Having said all this, one thing you should be doing, if you aren't already, is assessing who would be the next member of the management team to hire based on what skill sets you think would move the business forward (typically an area where you feel less strong). Then start looking, networking, and lining up potential high caliber candidates. This demonstrates to a VC that you understand where you think you have strength vs. where you could use help, that you are thinking TEAM in the future, and gives them a feel for the quality of potential hires (i.e. your ability to hire A-players).

answered Dec 3 '09 at 03:58
696 points


I don't thing investor like managers better than developers, I think what they like is a solid business model that tells them how are they going to get there money back and how long they will have to wait for this to happens.

Clearly if you get the money from the investor it would be easier to get a good developer team than a good management team.

So my suggestion is before doing something think what is your business model, your market, how are you going to reach them and how are you going to profit from them. Then ask the investor for money.

answered Dec 2 '09 at 14:50
Giancarlo Corzo
41 points


I believe it really depends on the VC, their target market and their approach.

The classic VC model is 2-5 million in, company has prototype & early market traction, management team, etc. That is their interpretation of early stage. Given the investments they do and the number of partners, they don't have the time to deal with smaller investments.

Others, like Y combinator, take a different approach: they are focused on seed capital (not first stage) and provide more business direction to the microISV type organization.

Between these two posts are firms like Stage1Ventures, VC's who focuses on software / service seed / early stage companies.

Targeting the correct firm will help tremendously with your search. Also be prepared to discuss what your mid term & exit plans are - example: do you intend on growing beyond 1? Why and when? What milestone would cause this to occur?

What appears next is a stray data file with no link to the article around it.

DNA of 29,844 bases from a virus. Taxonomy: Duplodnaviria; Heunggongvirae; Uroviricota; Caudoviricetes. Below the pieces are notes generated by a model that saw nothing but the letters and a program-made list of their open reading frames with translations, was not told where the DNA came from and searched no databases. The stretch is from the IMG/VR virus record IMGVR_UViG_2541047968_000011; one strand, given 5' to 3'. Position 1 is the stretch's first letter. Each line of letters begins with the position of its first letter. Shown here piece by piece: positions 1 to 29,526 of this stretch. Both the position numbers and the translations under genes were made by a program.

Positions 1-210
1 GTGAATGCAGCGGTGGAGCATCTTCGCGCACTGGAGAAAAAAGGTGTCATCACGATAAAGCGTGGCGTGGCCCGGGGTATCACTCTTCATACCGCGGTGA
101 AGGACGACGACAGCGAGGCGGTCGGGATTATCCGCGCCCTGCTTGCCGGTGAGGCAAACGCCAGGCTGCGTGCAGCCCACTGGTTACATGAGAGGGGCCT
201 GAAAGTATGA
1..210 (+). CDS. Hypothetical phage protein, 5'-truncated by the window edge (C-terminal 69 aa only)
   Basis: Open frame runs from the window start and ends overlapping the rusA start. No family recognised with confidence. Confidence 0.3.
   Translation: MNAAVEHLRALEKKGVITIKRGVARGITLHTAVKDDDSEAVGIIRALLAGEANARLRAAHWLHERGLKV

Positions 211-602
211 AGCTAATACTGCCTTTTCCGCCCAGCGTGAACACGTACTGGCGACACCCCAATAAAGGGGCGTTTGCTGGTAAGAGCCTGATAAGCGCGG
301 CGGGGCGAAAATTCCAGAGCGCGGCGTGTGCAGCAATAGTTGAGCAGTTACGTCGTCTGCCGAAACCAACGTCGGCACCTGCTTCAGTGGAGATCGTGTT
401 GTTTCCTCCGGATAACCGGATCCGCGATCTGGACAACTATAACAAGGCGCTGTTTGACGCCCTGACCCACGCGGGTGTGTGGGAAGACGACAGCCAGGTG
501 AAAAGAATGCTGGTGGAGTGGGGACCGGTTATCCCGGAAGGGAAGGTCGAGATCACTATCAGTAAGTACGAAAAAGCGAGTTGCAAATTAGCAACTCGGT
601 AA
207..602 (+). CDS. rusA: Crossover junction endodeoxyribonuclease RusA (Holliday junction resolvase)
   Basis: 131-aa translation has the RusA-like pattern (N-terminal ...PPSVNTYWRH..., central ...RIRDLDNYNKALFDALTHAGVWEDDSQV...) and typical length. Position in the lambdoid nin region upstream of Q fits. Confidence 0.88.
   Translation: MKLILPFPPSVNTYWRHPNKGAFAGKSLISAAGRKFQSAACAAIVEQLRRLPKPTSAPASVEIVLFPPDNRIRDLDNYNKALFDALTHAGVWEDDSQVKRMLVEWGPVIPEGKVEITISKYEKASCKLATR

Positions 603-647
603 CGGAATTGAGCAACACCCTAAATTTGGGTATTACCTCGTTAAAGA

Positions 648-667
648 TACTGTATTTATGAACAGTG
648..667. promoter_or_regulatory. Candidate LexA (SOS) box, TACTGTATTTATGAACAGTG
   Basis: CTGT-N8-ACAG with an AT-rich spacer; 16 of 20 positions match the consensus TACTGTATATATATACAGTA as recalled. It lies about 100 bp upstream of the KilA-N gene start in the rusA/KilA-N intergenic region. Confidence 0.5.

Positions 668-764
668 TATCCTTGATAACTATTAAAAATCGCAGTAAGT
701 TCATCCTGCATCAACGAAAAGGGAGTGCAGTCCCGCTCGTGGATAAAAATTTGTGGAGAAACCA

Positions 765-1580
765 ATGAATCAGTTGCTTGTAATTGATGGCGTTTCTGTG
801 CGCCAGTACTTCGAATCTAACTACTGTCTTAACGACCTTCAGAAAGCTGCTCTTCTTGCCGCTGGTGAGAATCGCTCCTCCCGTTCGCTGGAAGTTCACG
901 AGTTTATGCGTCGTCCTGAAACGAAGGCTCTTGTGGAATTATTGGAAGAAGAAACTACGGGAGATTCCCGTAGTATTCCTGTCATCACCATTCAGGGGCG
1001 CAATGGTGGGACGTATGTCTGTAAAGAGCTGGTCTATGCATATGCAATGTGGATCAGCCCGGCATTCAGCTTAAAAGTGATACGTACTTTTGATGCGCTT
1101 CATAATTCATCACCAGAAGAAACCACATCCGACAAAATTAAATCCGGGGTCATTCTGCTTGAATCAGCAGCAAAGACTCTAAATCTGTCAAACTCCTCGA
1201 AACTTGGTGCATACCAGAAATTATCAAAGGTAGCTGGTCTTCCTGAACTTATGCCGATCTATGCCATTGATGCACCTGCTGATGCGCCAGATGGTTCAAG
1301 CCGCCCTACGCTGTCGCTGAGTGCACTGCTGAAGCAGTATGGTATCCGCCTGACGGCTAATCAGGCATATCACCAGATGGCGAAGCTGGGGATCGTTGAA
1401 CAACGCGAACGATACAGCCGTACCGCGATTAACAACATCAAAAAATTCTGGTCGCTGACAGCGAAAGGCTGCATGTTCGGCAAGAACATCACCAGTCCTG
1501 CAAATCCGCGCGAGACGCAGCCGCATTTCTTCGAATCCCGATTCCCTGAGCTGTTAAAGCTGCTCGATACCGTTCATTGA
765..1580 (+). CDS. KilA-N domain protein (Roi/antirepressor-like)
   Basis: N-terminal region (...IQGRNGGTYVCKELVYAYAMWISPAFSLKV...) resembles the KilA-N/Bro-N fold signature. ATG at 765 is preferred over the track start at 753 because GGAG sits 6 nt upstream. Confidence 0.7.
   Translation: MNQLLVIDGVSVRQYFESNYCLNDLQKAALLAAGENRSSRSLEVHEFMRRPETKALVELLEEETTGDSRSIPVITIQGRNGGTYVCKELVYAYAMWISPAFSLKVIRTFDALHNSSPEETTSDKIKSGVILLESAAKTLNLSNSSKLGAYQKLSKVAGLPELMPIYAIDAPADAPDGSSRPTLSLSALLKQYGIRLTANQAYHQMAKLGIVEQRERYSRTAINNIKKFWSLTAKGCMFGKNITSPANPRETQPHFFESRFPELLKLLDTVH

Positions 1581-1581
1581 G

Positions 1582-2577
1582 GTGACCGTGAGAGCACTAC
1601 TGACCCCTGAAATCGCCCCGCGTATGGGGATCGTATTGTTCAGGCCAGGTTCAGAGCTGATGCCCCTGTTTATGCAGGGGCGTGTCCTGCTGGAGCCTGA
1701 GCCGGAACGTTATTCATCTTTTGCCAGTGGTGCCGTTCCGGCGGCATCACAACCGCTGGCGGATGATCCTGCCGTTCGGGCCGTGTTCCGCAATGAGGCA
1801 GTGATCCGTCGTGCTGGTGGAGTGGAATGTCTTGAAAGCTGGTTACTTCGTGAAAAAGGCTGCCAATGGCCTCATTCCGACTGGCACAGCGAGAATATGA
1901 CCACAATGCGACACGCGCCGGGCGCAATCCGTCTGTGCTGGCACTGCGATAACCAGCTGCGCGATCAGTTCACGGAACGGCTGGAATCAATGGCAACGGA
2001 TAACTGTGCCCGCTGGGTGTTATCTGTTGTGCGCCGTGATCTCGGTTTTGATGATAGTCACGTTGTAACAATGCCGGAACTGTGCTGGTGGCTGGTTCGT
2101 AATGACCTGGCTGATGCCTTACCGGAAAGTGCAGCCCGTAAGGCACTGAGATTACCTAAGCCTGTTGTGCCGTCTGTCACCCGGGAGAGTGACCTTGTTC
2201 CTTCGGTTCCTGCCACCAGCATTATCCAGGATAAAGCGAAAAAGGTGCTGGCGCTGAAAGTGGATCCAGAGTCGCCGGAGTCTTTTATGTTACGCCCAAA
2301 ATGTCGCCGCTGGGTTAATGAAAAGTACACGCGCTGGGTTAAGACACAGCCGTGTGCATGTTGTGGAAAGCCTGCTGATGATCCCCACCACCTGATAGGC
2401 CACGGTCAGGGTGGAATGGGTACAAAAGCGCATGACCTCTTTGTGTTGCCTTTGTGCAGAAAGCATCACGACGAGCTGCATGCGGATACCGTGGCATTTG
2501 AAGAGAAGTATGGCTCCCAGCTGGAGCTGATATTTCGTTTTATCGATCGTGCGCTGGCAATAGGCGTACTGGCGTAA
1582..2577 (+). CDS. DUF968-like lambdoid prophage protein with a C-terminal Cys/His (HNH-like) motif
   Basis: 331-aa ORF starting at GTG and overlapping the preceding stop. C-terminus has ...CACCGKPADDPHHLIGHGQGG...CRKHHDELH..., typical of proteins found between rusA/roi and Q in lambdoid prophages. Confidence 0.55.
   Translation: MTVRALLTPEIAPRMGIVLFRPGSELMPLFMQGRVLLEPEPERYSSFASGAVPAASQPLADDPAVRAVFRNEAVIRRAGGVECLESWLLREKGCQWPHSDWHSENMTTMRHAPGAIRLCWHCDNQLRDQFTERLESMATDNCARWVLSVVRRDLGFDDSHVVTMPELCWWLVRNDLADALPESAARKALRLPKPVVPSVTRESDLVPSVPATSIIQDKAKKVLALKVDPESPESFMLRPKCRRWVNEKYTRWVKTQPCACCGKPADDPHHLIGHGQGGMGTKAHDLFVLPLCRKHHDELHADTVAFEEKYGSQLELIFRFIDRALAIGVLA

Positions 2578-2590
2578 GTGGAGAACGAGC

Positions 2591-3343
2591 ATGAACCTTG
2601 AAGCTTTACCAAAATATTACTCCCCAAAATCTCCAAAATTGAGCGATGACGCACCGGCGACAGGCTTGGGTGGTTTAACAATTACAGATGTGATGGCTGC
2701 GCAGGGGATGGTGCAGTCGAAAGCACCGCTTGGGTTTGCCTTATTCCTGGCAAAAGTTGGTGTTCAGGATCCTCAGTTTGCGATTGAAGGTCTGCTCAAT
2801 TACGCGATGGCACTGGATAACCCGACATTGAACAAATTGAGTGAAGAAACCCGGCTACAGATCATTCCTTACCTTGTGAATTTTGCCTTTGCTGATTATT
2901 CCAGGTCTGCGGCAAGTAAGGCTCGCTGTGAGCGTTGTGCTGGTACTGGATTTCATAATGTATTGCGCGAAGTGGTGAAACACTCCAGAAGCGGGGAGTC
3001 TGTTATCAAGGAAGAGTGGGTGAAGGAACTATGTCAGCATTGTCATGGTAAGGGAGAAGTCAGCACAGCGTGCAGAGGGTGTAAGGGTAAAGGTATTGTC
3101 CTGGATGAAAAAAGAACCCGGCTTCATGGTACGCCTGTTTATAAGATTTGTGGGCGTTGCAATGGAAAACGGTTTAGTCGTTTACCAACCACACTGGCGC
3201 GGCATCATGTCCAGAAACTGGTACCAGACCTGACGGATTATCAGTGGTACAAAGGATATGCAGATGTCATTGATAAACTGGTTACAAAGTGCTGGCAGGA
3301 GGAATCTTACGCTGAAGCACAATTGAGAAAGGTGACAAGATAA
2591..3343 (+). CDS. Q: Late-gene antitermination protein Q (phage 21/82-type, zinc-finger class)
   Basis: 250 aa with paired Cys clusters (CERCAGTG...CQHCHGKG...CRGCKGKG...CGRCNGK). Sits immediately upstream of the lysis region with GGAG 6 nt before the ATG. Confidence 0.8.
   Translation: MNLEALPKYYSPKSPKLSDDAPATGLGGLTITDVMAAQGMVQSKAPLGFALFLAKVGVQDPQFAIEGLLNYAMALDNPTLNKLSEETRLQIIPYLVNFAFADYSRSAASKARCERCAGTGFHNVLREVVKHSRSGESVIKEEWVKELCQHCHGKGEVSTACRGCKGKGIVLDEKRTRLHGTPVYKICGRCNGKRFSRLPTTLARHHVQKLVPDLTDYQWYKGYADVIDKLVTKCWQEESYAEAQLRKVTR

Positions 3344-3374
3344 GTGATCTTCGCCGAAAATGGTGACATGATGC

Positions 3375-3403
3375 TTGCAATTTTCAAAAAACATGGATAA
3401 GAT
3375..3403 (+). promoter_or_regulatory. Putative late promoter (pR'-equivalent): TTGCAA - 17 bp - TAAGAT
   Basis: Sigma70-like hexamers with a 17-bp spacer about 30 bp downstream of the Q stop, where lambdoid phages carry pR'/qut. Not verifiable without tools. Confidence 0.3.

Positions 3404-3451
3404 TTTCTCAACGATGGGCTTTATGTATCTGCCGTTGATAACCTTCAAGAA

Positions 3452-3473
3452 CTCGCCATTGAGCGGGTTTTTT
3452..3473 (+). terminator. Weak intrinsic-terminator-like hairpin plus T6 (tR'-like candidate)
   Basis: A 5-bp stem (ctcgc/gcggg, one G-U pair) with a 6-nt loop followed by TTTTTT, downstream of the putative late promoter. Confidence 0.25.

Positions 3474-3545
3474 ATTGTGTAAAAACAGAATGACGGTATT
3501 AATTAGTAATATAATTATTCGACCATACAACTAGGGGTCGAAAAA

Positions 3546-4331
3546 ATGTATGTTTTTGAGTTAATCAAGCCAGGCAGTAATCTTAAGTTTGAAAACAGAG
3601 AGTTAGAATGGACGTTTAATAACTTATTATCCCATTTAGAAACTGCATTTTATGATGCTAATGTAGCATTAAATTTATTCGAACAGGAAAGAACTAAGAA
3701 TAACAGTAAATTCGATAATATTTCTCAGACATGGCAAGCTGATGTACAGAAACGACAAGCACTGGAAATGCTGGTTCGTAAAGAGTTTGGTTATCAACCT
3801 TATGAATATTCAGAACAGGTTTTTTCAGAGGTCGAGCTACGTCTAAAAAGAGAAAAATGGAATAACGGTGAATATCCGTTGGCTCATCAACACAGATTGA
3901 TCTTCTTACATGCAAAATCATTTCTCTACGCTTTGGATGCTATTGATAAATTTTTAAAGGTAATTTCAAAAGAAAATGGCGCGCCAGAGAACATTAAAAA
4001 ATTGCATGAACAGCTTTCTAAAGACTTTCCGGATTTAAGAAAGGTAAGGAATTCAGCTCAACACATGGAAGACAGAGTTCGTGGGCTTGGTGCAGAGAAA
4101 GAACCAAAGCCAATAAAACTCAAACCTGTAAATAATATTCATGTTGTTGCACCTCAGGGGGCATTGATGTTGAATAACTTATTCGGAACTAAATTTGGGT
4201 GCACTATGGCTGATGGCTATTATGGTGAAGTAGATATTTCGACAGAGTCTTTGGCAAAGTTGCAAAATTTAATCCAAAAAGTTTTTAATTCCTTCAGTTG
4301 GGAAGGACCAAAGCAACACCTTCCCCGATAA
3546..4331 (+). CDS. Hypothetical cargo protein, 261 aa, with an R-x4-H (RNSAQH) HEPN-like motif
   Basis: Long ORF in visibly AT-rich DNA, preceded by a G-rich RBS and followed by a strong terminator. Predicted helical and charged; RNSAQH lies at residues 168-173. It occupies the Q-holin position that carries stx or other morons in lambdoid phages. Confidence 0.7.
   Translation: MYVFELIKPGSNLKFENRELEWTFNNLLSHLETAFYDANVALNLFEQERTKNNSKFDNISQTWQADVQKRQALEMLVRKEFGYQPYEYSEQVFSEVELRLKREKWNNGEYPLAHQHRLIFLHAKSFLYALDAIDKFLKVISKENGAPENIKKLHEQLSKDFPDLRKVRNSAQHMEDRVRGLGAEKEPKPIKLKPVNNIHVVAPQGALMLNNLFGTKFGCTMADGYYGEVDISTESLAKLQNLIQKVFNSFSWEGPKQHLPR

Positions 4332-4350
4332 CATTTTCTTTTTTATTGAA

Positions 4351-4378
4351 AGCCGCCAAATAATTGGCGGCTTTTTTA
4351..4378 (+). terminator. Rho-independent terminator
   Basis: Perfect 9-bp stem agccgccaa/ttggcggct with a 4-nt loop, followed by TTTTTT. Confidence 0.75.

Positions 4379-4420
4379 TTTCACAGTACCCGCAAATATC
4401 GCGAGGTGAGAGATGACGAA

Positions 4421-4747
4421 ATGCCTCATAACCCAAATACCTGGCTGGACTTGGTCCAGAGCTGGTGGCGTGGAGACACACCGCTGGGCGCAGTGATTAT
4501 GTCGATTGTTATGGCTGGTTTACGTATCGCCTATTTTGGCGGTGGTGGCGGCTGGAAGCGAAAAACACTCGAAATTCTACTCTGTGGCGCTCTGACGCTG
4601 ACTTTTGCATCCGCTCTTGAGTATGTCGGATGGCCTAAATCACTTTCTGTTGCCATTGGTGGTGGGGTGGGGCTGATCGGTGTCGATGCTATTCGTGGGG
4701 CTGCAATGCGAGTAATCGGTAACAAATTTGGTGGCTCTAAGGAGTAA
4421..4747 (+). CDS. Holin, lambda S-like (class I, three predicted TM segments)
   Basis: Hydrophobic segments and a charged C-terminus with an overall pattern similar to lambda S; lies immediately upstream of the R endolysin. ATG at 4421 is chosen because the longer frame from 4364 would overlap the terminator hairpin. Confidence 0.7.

answered Feb 8 '10 at 03:22
Jim Galley
9,952 points


First of all I wish you all the best in your venture.

Secondly, you are forgetting something that investors are desperate to find in an entrepreneur: PASSION. You have to show them that when the tough gets going (and believe me, it will), you will do WHATEVER it takes to keep the business afloat and protect their money. You simply have to convince them that you are the best investing option they have in the current market.

Now, venture capitalists are not for everybody. You need to show a proven record of revenue generation and you have to be very familiar with your industry.

As for your "management team", even if you are a one man army (I admire you for that), you can try to set up your own boards of directors with volunteers. Yes, that´s right. There are lots of retired people that love volunteering in small start ups as external advisors for free. Talk to people in your industry, associations, chambers of commerce, and ask for advice.

I hope this helps. Good luck.

answered Dec 3 '09 at 03:19
A. Garcia
1,601 points
  • +1 for your general comments, but I disagree that "passion" is lacking in founders. Almost every founder has "passion." Too often the ONLY thing the found has is "passion...." – Jason 14 years ago
  • You are right. I meant to say that sometimes they do not show that passion when dealing with VC. – A. Garcia 14 years ago